What potential franchisees need to know about the franchise inquiry report

By Sarah Stowe | 18 Mar 2019 View comments

Franchise standards have to rise and franchising should provide better protections and rights for franchisees. That’s the conclusion of the franchise inquiry report from the Senate committee looking into the franchise sector.

The report acknowledged many franchisors have developed franchise systems which work to benefit both franchisor and franchisees and some operate in a very collaborative manner.

It also recognised the diversity of the franchise sector.

However it highlighted poor corporate governance at some franchises, and was sceptical of the role of shareholders in a franchise system.

The report was highly critical of the Retail Food Group, devoting a chapter to a case study on the multi-brand franchisor.

Franchise inquiry report: what franchisees need to know

The committee findings set out to achieve Fairness in Franchising, the title of the report. Overall the report outlined need to improve standards because “on the balance of evidence given to the committee in public and in confidence, far too many franchisors are abusing the power imbalance between themselves and their franchisees”.

The report aims to offer ways to rectify this imbalance.

It wants franchisors to be more accountable for how they use marketing funds, and to divulge details of supplier rebates.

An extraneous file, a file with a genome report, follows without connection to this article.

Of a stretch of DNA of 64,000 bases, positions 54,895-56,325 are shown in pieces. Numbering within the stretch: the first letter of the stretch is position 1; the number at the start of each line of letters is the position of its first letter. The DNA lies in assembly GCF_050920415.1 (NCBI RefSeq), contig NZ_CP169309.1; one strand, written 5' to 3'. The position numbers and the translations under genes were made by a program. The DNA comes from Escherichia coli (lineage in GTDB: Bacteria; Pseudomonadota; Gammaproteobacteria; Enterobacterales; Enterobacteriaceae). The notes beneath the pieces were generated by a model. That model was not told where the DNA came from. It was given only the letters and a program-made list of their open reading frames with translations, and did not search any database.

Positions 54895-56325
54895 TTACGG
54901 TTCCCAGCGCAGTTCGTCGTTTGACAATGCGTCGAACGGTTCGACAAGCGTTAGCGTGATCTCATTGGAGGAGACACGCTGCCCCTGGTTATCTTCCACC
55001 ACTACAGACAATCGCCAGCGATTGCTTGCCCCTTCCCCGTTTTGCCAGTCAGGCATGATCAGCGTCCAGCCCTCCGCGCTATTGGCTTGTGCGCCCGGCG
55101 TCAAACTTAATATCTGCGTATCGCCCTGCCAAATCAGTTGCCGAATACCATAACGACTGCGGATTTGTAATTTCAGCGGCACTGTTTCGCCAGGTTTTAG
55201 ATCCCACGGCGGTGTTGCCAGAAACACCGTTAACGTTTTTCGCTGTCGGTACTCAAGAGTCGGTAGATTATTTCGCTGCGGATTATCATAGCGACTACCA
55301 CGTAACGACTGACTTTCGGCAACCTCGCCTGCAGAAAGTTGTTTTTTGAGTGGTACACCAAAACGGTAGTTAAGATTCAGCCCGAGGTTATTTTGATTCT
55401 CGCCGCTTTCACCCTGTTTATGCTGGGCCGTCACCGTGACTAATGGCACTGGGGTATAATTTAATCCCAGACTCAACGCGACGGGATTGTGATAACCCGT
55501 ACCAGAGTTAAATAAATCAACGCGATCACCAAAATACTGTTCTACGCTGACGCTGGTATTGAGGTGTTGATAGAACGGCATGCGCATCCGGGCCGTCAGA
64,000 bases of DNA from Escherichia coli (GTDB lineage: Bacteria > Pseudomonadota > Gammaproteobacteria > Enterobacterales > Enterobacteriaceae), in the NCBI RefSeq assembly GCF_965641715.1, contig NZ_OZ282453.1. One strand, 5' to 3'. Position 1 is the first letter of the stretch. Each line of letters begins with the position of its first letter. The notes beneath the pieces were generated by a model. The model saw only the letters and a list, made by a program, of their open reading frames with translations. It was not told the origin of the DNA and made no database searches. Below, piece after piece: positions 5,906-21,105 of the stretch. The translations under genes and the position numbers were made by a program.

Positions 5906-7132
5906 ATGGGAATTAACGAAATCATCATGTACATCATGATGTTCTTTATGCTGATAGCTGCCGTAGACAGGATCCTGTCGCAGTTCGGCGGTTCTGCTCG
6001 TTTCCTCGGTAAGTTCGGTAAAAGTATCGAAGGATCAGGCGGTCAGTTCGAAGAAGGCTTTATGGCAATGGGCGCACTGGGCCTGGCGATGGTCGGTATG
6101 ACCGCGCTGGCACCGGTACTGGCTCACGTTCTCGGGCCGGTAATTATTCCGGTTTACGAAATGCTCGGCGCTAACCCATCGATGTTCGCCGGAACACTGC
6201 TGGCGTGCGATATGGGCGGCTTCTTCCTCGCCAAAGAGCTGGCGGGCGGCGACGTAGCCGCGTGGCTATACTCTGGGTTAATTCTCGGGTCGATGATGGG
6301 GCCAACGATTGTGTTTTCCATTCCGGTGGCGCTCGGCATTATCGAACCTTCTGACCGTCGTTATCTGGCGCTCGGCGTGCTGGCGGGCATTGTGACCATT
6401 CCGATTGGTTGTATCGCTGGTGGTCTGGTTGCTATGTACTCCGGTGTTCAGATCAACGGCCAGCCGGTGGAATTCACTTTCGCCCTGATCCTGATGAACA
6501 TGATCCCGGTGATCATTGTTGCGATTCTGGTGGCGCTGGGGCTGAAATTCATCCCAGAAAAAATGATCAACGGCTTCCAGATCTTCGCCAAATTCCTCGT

It wants to improve financial disclosure so that franchise buyers have guaranteed access to relevant financial figures when buying an existing business – provided either by a franchisor or the vendor franchisee.

There are suggestions on ways to deliver more information to franchise buyers as they research possible investments. In particular, a greater emphasis on the risks and responsibilities of taking on a retail lease.

The report also looked at wage theft in franchising and ways to reduce the incentives for engaging in underpayments.

Empowering the ACCC

The committee wants the Australian Competition and Consumer Commission (ACCC) to establish a FranchiseSmart website for franchises similar to the MoneySmart service operated by the Australian Securities and Investments Commission (ASIC).

It also believes the ACCC should have more powers. The body which regulates the Franchising Code of Conduct should be able to stop franchisors who repeatedly market and sell a non-viable franchise from doing so. There should also be harsher penalties for misconduct.

And the committee wants franchisees to form a national association that can provide an alternative viewpoint to the franchisor-dominant Franchise Council of Australia (FCA).

A register of franchises in Australia could also be useful the committee suggests.

The FCA has supported the main goal of the report and is backing national registers and greater disclosure. However there are details on which it disagrees with the findings, or believes the issues to be more complex than indicated by the committee.

One omission that has surprised a number of franchise experts and the FCA is not making financial and legal advice mandatory for franchise buyers.

Franchising Taskforce

One of the report’s main proposals is for the government to set up a Franchising Taskforce. This body will include representatives from a number of different agencies such as the Department of Jobs and the ACCC.

It’s role would be to evaluate and implement the committee’s proposals.

So the report is the beginning of a process of change. But the upcoming federal election is likely to delay any implementation.

You’ll get a good idea of the main points in the executive summary or you can read the report in full: click here.